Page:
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Assume we have an #RelevantOrders table and an OrderRow table.

create table #RelevantOrders(Order_Id int primary key)

create talbe OrderRow (Order_Id int, OrderRow_Id, [lots of data columns], primary key (Order_Id, OrderRow_Id)

Now what I by instinct did initialy do was a simple join

select OrderRow.* from #RelevantOrders as ro join OrderRow on OrderRow.Order_Id = ro.Order_Id

Now, due to the data, the Order_Id in #RelevantOrders are several ranges of Ids, ie. 1,2,3,4,5,100,101...120, 240..250 ... hope i am being clear that.

So what happens, if there are 1000 Relevant orders, execution plan does 1000 index seeks on OrderRow table, 1 per each Order_Id. This leads quite 'big' scan count and logical reads (~5000).

SO it got me thinking, i would expect that instead of doing 1000 index seeks, it would do ~80 (number of continuous ranges) index seeks.

So i tried an alternative:

create table #RelevantOrderRanges(f int, t int)

select OrderRow.* from #RelevantOrderRanges
join OrderRow on OrderRow.Order_Id between f and t

The good news is ammount of index seek and logical reads drops to 80 index seeks (equal to amount of ranges) and 609 logical reads. Much better. The only issue i have here and thats due to my experience with it causing to gobble up memory is the estimated number of rows and estimated data size, which goes up to about 3.5GB in this case instad of 49KBs.

Now i know that in case number of ranges approaches number of orders any gain is lost.

So this got me thinking and i have two questions: 1) am i overthinking the estimates too much? I know more testing is required but i am a bit afraid the estimates would bite me later due to memory hog

2) is there any way to 'better explain' SQL what to expect? Indices, hints, statistics.... ?

Thanks for discussion

PERFORMANCE UPDATE:
TC 1:
Order_Id count: 9045
Range count: 5499
Total rows produced:

Range based approach:
~800ms CPU, ~800ms ellapsed time
Scan count: 5,500   
Logical reads: 37,896

ID join approach:
~900ms CPU, ~900ms ellapsed time
Scan count: 9045
Logical reads: 56774

TC 2:
Order_Id count: 19684
Range count: 12849
Total rows produced: 124561

Range based approach:
~718ms CPU, ~770ms ellapsed time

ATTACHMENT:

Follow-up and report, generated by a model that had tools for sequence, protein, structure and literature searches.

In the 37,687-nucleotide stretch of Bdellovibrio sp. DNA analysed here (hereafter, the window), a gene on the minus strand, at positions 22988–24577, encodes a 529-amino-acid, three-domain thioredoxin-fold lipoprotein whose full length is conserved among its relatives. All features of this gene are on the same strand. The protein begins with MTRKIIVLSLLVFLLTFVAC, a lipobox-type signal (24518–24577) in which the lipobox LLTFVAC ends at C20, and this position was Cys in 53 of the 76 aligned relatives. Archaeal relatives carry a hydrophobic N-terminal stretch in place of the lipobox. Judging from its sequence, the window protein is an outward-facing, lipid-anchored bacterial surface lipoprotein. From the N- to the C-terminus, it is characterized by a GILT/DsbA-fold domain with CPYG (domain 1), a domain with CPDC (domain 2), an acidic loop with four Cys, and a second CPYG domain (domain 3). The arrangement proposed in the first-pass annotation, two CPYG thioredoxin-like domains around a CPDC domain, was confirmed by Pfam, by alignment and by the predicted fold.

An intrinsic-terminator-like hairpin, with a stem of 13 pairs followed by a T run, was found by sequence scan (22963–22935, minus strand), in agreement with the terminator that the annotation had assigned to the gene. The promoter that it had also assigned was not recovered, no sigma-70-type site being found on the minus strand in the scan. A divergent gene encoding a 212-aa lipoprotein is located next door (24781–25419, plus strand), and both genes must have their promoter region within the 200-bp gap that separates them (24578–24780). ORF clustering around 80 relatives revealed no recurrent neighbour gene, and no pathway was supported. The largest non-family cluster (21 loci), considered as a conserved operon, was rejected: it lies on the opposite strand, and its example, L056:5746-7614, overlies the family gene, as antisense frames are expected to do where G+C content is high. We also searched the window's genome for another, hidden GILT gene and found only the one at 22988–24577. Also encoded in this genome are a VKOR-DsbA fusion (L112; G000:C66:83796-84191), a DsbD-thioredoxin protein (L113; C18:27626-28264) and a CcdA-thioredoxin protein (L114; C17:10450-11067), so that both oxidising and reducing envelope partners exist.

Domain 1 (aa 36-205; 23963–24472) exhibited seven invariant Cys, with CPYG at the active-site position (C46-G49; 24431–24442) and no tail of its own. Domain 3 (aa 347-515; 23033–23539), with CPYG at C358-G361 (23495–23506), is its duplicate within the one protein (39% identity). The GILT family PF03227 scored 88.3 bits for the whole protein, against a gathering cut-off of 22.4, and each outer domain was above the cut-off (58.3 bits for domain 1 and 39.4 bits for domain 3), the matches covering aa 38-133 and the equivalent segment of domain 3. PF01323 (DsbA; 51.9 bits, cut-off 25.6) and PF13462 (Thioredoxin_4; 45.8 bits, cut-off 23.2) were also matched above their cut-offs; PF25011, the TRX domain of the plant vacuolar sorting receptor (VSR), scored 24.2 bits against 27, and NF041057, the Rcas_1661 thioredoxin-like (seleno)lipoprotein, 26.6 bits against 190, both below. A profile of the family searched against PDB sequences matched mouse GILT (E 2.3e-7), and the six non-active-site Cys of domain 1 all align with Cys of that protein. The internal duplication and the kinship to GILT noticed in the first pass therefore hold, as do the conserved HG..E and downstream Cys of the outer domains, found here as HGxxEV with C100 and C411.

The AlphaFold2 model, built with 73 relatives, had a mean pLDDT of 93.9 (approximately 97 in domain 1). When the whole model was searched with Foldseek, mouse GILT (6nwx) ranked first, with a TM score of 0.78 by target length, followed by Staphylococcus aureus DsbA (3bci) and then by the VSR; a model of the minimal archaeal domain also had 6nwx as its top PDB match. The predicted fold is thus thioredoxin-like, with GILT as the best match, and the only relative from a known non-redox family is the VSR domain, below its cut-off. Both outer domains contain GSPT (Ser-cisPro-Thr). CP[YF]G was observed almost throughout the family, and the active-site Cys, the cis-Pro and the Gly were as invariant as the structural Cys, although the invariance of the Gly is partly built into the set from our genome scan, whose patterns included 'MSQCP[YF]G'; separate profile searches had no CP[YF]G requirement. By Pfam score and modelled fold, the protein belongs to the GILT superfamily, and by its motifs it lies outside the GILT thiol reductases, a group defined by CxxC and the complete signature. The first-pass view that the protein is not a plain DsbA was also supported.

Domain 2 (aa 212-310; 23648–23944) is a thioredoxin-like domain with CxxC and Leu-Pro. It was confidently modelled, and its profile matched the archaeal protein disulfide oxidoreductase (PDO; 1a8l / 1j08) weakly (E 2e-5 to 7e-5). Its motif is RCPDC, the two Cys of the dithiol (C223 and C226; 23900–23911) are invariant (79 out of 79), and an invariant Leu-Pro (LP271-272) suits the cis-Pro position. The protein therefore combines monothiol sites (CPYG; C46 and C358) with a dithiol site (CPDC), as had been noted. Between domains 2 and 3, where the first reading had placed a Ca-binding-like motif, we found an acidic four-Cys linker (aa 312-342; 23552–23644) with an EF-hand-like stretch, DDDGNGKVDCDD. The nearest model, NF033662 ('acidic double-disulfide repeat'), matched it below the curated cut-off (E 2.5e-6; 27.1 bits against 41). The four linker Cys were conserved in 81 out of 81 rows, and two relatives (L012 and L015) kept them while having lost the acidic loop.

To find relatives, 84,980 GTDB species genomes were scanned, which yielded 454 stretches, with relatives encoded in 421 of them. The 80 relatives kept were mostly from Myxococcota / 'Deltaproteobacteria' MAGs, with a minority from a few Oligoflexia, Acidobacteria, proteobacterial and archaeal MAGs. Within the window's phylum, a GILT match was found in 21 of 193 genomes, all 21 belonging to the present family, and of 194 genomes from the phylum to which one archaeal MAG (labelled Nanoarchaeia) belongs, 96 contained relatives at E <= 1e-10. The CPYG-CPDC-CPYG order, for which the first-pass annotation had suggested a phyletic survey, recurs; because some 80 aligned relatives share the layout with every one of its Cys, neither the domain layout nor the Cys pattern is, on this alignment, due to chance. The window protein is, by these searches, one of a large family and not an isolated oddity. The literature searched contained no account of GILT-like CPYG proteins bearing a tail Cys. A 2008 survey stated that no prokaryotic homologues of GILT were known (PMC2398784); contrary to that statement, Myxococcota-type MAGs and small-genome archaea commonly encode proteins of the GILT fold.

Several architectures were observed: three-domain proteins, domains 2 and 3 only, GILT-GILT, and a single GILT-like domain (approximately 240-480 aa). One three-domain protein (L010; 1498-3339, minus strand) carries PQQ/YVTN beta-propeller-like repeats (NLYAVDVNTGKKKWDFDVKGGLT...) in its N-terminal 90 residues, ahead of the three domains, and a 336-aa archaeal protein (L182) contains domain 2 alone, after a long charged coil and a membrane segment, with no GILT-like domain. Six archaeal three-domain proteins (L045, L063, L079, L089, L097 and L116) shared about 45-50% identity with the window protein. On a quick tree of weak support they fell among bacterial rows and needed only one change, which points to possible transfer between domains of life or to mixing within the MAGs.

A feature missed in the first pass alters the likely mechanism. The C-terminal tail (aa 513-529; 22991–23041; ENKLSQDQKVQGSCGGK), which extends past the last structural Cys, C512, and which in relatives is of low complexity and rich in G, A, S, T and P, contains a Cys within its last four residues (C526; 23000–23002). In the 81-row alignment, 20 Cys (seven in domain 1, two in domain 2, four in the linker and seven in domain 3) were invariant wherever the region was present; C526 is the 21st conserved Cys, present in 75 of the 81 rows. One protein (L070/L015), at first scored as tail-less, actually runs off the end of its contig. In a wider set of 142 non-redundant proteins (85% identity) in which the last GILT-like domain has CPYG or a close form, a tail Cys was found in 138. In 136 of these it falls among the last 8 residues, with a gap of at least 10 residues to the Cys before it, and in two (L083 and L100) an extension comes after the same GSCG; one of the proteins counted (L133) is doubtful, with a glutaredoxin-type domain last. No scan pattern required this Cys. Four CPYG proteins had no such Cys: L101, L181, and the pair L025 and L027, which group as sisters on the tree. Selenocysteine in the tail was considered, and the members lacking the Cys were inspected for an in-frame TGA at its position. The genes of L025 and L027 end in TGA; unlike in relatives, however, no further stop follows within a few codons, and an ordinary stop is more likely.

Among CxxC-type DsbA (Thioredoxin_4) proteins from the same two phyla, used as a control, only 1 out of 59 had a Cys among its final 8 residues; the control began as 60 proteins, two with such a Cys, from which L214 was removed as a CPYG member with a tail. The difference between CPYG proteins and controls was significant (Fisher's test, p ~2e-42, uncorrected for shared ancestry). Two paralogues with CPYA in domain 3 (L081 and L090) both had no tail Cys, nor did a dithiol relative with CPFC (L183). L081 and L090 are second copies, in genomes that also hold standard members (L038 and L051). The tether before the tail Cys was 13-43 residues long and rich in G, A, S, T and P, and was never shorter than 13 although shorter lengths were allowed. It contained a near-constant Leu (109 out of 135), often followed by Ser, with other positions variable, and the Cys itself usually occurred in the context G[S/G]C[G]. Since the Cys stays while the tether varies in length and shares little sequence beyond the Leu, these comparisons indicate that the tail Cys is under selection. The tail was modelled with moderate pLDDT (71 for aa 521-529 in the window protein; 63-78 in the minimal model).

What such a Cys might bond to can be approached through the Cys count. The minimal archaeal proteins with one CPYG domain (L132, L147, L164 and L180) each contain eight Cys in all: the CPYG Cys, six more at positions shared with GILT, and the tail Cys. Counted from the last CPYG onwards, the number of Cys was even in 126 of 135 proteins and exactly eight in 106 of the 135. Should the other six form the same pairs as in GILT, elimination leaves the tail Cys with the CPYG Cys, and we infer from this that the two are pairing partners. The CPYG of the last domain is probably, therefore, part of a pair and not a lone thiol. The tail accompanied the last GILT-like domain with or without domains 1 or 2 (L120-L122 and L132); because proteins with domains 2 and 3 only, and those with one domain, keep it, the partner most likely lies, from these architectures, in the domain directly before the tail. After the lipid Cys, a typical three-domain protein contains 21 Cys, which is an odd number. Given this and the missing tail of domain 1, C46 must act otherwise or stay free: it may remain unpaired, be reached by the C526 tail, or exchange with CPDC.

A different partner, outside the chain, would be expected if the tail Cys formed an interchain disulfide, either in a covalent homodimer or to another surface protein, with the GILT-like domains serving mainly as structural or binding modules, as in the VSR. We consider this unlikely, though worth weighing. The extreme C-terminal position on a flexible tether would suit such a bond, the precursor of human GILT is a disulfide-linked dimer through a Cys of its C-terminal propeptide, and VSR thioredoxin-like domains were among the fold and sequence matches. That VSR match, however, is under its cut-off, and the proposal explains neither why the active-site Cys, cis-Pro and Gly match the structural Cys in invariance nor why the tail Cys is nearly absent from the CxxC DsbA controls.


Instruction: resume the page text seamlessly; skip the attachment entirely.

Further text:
Scan count: 12849
Logical reads: 74127

ID join approach:
~950ms CPU, ~950ms ellapsed time
Scan count: 19684
Logical reads: 110352
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  • What version of sql server are you using? Is your primary key clustered? Do you have any other indexes? Yes you can use hints to influence behaviour but i would avoid that unless you have a clear need. – Sir Swears-a-lot Apr 21 '20 at 10:03
  • How bad is performance now? How fast does it need to be? Do you have query store enabled? How many rows in each table? How much growth are you expectibg? – Sir Swears-a-lot Apr 21 '20 at 10:13
  • you may try to use SELECT o.* FROM #RelevantOrderRanges AS r CROSS APPLY (SELECT * FROM OrderRow WHERE Order_Id between r.f and r.t) AS o – NikitaSerbskiy Apr 21 '20 at 11:18
  • @Nikita performance wise no change, estimate still way off. – Vladislav Zalesak Apr 21 '20 at 12:01
  • @SirSwears-a-lot right now the performance in production is ... borderline?. This is kind of selfimproement/study. The biggest issue is that this query can run several hundreds - thousand times in hour and parallel. At 100 times ,with 25% reduction in logical reads estimated, that equals to ~ 3 000 000 logical reads per hour. And 100 times/hour is LOW – Vladislav Zalesak Apr 21 '20 at 12:26
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Edit. I misunderstood the question. I thought this was about app design rather than query performance.

For an App: Personally i would avoid using an intermediate table. Its just extra steps and complication.

The #table makes sense for queries.

Provided you have useful indexes and your stats are up to date, you are typically better off leaving SQL Server to decide the best execution plan.

Depending on the growth and distribution of data the best execution plan may change over time. So i would be reluctant to invest a lot of time and effort coding to squeeze the last 1% of extra performance.

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  • This intermediate table may come from some complex query for which is hard to estimate the amount of rows returned. In this case temporary table may be useful for better estimations and helps SQL Server to generate the best execution plan. – NikitaSerbskiy Apr 21 '20 at 11:12
  • as stated the temp table is product of a process that simply said 1) must remain 2) is too complex – Vladislav Zalesak Apr 21 '20 at 12:01

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